Decline and Restoration Ecology of Australian Seagrasses

  • John StattonEmail author
  • Kingsley W. Dixon
  • Andrew D. Irving
  • Emma L. Jackson
  • Gary A. Kendrick
  • Robert J. Orth
  • Elizabeth A. Sinclair


Since the first version of this book almost 30 years ago, significant losses of seagrass meadows have continued to be reported from around Australia as a result of natural and human induced perturbations. Conservative estimates indicate losses over the past two decades have more than doubled that estimated in the late 1990s. Conservation and mitigation of disturbance regimes have typically been the first line of defence, but ecological restoration or intervention is becoming increasingly necessary in a rapidly changing environment, and is potentially a more effective management strategy where seagrass habitat is already lost or heavily degraded. Accordingly, there has been an increase in the number of restoration studies and projects feeding our knowledge-base of restoration practice across Australia. Yet despite this increase, successful restoration has been rare, often uncoordinated, and almost always at a scale that is orders of magnitude lower than the scale of loss. Clearly, our understanding of the ecological mechanisms underlying successful and unsuccessful seagrass restoration is not keeping pace with the rates of loss and societal needs for restoration. Indeed, many orders of magnitude more restoration effort, in terms of science and practice and their interactions, will be required to prevent further seagrass loss. The science of seagrass restoration or restoration ecology is still a young science, but has strong foundations built from several decades of ecological research addressing many aspects of ecological interactions in seagrasses. While restoration has strong scientific underpinnings from ecological theory, it is clear that restoration ecology can also contribute to ecological theory by providing new and novel opportunities to advance our understanding of the mechanisms that promote functional ecosystems. In this chapter, we provide examples of this understanding across the levels of biological hierarchy, from genes to landscapes, and where possible include future strategic research directions.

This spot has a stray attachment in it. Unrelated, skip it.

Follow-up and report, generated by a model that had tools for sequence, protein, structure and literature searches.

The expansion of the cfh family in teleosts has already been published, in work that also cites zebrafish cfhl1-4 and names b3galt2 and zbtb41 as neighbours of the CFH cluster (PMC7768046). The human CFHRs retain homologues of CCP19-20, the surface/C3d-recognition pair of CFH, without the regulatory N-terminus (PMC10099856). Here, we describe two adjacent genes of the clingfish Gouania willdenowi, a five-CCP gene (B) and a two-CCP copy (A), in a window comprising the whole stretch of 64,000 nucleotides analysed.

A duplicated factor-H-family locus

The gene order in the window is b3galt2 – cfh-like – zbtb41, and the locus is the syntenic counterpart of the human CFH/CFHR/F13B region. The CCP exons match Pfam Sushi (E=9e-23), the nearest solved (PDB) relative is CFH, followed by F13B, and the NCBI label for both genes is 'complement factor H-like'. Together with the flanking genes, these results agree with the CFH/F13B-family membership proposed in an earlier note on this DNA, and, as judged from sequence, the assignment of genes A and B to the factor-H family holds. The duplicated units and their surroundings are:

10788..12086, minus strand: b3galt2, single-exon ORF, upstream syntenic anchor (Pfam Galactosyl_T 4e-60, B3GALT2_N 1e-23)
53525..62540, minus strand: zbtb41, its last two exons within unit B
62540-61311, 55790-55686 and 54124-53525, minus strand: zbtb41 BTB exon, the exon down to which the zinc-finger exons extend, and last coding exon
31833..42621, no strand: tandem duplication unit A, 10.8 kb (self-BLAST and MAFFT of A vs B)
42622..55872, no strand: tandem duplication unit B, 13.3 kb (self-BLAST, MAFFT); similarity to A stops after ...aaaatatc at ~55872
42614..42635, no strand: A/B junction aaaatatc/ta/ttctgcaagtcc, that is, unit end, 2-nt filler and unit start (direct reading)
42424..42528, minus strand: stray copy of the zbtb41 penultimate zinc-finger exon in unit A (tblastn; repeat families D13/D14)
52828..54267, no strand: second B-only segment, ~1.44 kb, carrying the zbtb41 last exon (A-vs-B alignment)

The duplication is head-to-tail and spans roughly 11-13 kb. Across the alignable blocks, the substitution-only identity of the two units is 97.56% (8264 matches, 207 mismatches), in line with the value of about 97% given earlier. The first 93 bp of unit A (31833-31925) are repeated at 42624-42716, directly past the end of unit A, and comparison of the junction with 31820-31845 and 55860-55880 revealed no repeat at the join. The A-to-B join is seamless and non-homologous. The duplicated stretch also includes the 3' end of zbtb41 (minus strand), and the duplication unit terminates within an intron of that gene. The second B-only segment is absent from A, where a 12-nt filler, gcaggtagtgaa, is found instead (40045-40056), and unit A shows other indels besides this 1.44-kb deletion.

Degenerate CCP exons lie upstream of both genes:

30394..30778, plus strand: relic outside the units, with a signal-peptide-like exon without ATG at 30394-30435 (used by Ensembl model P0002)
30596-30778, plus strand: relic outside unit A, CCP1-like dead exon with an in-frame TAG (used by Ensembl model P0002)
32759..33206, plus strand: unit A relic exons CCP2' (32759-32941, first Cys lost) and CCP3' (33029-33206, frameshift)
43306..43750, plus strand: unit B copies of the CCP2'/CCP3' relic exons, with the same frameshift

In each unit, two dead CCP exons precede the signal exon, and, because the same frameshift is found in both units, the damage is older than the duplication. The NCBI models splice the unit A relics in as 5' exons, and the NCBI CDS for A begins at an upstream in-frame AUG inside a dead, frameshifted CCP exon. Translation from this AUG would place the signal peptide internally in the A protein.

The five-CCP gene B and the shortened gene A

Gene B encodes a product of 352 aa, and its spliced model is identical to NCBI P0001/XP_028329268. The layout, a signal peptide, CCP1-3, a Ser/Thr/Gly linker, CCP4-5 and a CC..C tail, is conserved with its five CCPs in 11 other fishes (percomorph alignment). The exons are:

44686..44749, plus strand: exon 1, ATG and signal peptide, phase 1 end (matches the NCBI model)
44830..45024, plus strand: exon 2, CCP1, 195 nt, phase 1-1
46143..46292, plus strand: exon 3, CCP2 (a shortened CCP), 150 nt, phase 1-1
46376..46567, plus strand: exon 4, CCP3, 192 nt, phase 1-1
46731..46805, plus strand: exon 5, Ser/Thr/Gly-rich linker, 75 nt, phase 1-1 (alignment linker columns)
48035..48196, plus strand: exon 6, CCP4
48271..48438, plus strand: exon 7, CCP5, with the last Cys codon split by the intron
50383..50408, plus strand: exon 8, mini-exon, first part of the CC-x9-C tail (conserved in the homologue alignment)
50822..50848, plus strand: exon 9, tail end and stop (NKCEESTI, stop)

This paper is contribution no. 3614 of the Virginia Institute of Marine Science, The College of William and Mary. Kendrick, Orth, Dixon Sinclair and Statton were partially funded by ARC LP130100155, LP130100918 and LP160101011. Jackson was funded by the Ian Potter Foundation, Norman Wettenhall Foundation and Fitzroy Basin Association. Figure 20.3 utilised the IAN/UMCES SAV Symbol Library courtesy of the Integration and Application Network, University of Maryland Center for Environmental Science (


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Copyright information

© Springer International Publishing AG, part of Springer Nature 2018

Authors and Affiliations

  • John Statton
    • 1
    Email author
  • Kingsley W. Dixon
    • 4
    • 5
  • Andrew D. Irving
    • 3
  • Emma L. Jackson
    • 3
  • Gary A. Kendrick
    • 6
  • Robert J. Orth
    • 2
  • Elizabeth A. Sinclair
    • 1
    • 5
  1. 1.School of Biological Sciences and Oceans InstituteUniversity of Western AustraliaNedlandsAustralia
  2. 2.College of William and MaryVirginia Institute of Marine ScienceGloucester PointUSA
  3. 3.School of Medical & Applied SciencesCentral Queensland UniversityRockhamptonAustralia
  4. 4.Department of Environment and AgricultureCurtin UniversityPerthAustralia
  5. 5.Kings Park and Botanic GardenWest PerthAustralia
  6. 6.School of Biological Sciences and the Oceans InstituteThe University of Western AustraliaCrawleyAustralia

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